We conducted a laboratory study to evaluate the efficacy of control agents against small larvae, large larvae, and pupae of Aedes aegypti to determine an appropriate larvicide regime to employ in emergency dengue control programs. The control agents included Bacillus thuringiensis var. israelensis (Bti), pyriproxyfen (an insect growth regulator), a larvicidal oil, Aquatain AMF (polydimethylsiloxane, a monomolecular film), and temephos at the recommend application dosages and rates. Our results showed that Bti, pyriproxyfen, and temephos were efficacious (100% mortality) against larvae, irrespective of the instar stage, but not against pupae of Ae. aegypti (1.5-7.8% mortality). Aquatain AMF, on the other hand, was very effective at controlling the pupal stage (100% mortality), but had limited efficacy against small larvae (38.0% mortality) and large larvae (78.0% mortality). The larvicidal oil was effective against all immature stages (93.3-100% mortality). Therefore, we concluded that for effectively interrupting the dengue transmission cycle, larvicides that kill the pupal stage (Aquatain AMF or larvicidal oil) should be included in an emergency dengue control program in addition to Bti, pyriproxyfen, or temephos. PMID:23883850

Wang, Chih-Yuan; Teng, Hwa-Jen; Lee, Si-Jia; Lin, Cheo; Wu, Jhy-Wen; Wu, Ho-Sheng

2013-01-01

288

Resistance of Aedes aegypti (L.) larvae to temephos in Surabaya, Indonesia.  

PubMed

The resistance of Aedes aegypti mosquitoes to insecticides threatens dengue virus control efforts. In this study, Ae. aegypti larvae collected from 12 subdistricts in Surabaya, Indonesia, where dengue is endemic, were tested for resistance to the organophosphate, temephos. Susceptibility testing, performed according to World Health Organization (WHO) methods, showed all field strains were resistant to temephos at a dose of 0.012 mg/l, with mortality rates at 24 hours of 22% to 60%. Another susceptibility test to determine median lethal time (LT50) indicates resistance ratios ranging from 2.2 to 8.5. Although incipient resistance was detected at a dosage of 1 mg/l, as determined by the LT50, mortalities higher than 80% within 24 hours were detected using the WHO method in nine subdistricts of Surabaya, indicating temephos at 1 mg/l is still effective in field conditions in these areas. In three subdistricts (Tambaksari, Gubeng and Sawahan), the mortality rates were under 80%, indicating possible resistance to temephos. PMID:23082551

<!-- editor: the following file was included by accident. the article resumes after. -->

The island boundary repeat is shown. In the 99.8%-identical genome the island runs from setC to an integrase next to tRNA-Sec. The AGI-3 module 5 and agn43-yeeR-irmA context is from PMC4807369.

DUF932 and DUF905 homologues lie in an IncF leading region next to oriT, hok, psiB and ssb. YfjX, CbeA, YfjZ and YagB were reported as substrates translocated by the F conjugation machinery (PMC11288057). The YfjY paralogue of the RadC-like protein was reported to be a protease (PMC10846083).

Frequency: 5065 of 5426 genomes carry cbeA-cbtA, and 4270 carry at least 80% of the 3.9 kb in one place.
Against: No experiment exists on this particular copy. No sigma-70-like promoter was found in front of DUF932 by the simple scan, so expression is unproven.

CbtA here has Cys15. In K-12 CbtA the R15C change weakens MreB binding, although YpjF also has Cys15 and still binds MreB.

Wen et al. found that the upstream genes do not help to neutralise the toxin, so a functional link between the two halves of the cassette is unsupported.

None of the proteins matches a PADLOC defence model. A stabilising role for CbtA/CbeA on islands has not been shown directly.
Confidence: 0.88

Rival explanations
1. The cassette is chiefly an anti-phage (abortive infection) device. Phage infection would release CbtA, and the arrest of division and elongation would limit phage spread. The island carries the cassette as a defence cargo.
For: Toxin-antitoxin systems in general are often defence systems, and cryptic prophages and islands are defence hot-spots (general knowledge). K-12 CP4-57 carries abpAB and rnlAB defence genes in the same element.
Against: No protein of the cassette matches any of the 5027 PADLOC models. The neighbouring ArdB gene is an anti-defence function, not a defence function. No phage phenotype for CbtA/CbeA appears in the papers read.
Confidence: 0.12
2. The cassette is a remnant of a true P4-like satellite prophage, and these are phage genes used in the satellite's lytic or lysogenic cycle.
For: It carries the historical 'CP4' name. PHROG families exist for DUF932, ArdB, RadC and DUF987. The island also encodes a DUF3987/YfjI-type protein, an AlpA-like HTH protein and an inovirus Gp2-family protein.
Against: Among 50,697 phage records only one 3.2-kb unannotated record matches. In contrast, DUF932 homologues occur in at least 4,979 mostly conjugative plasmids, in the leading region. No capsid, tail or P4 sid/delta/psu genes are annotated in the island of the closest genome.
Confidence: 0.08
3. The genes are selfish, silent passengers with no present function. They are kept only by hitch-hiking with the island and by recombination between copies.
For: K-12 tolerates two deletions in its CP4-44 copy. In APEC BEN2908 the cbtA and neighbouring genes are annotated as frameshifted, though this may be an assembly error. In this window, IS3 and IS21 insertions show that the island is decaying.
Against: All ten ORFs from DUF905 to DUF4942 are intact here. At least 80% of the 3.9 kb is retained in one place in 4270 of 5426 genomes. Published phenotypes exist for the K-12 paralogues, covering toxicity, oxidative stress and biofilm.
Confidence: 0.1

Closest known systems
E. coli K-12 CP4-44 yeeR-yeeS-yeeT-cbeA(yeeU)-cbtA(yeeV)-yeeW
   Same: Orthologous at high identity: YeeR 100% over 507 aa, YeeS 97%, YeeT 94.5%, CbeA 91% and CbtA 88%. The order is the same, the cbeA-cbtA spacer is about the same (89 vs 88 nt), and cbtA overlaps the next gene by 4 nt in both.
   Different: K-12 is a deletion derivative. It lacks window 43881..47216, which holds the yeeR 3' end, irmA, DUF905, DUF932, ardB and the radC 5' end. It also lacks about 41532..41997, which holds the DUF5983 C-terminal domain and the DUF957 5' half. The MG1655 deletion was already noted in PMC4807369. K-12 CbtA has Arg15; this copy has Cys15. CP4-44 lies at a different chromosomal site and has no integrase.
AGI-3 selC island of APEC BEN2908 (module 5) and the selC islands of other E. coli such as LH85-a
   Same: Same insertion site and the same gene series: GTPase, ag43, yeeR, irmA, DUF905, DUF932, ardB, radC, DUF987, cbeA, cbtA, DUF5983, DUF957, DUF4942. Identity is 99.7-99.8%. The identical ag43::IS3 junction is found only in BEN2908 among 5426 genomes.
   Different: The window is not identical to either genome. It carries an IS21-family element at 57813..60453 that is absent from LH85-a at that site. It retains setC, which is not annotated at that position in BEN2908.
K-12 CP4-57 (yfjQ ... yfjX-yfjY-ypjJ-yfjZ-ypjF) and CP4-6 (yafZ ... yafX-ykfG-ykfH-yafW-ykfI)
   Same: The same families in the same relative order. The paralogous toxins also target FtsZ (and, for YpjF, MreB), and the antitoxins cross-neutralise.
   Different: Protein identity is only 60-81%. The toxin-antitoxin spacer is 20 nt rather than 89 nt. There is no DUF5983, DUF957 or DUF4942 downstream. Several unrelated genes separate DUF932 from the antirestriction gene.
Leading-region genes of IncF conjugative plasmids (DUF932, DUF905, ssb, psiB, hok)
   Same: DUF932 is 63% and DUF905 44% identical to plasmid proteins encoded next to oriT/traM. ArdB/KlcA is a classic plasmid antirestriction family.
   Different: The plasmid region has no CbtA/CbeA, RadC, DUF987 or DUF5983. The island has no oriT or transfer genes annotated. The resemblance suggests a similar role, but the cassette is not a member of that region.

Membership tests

Mulyatno, Kris Cahyo; Yamanaka, Atsushi; Ngadino; Konishi, Eiji

2012-01-01

289

Larvicidal effects of the major essential oil of Pittosporum tobira against Aedes aegypti (L.).  

PubMed

Essential oil obtained from the leaves of Pittosporum tobira was extracted and its chemical composition and larvicidal effects were studied. Analyses were conducted by gas chromatography and mass spectroscopy (GC-MS) to determine the primary constituents of the essential oil of P. tobira. The yield of P. tobira essential oil (PTEO) was 0.1%, and GC-MS analysis identified its major constituents as undecane (31.11%), 4-methyl-1,3-pentadiene (11.34%), (1,3-dimethyl-2-butenyl)benzene (5.45%), and L-limonene (14.08%). The essential oil had a significant toxic effect against early fourth-stage larvae of Aedes aegypti (L.), with an LC(50) value of 58.92 ppm and an LC(90) value of 111.31 ppm. Finally, the LC(50) and LC(90) values of L-limonene were 39.7 ppm and 78.11 ppm. These results could be useful for seeking newer, safer, and more effective natural larvicidal agents against A. aegypti. PMID:19874194

Chung, Ill-Min; Seo, Su-Hyun; Kang, Eun-Young; Park, Won-Hwan; Moon, Hyung-In

2010-06-01

290

Functional validation of the carbon dioxide receptor genes in Aedes aegypti mosquitoes using RNA interference.  

PubMed

Carbon dioxide (CO(2)) is an important long-range chemosensory cue used by blood-feeding female mosquitoes to find their hosts. The CO(2) receptor in Drosophila melanogaster was previously determined to be a heterodimer comprised of two gustatory receptor (Gr) proteins, DmGr21a and DmGr63a. In the mosquito Aedes aegypti, two putative orthologous genes, AaGr1 and AaGr3, were identified in the genome database, along with an apparent paralogue of AaGr1, AaGr2. In this study, RNA interference (RNAi)-mediated gene knockdown of either AaGr1 or AaGr3 resulted in a loss of CO(2) sensitivity in both male and female mosquitoes, suggesting that these two proteins, like the Drosophila orthologues, function as a heterodimer. RNAi-mediated knockdown of AaGr2 expression had no impact on CO(2) reception. All three Gr genes were expressed in the maxillary palps of both Ae. aegypti and the West Nile virus vector mosquito, Culex pipiens quinquefasciatus. Interestingly, expression of the two CO(2) receptor genes was not equivalent in the two sexes and the implications of differential sex expression of the CO(2) receptor in different species are discussed. The functional identification of the CO(2) receptor in a mosquito could prove invaluable in the strategic design of compounds that disrupt the mosquito's ability to find hosts. PMID:22122783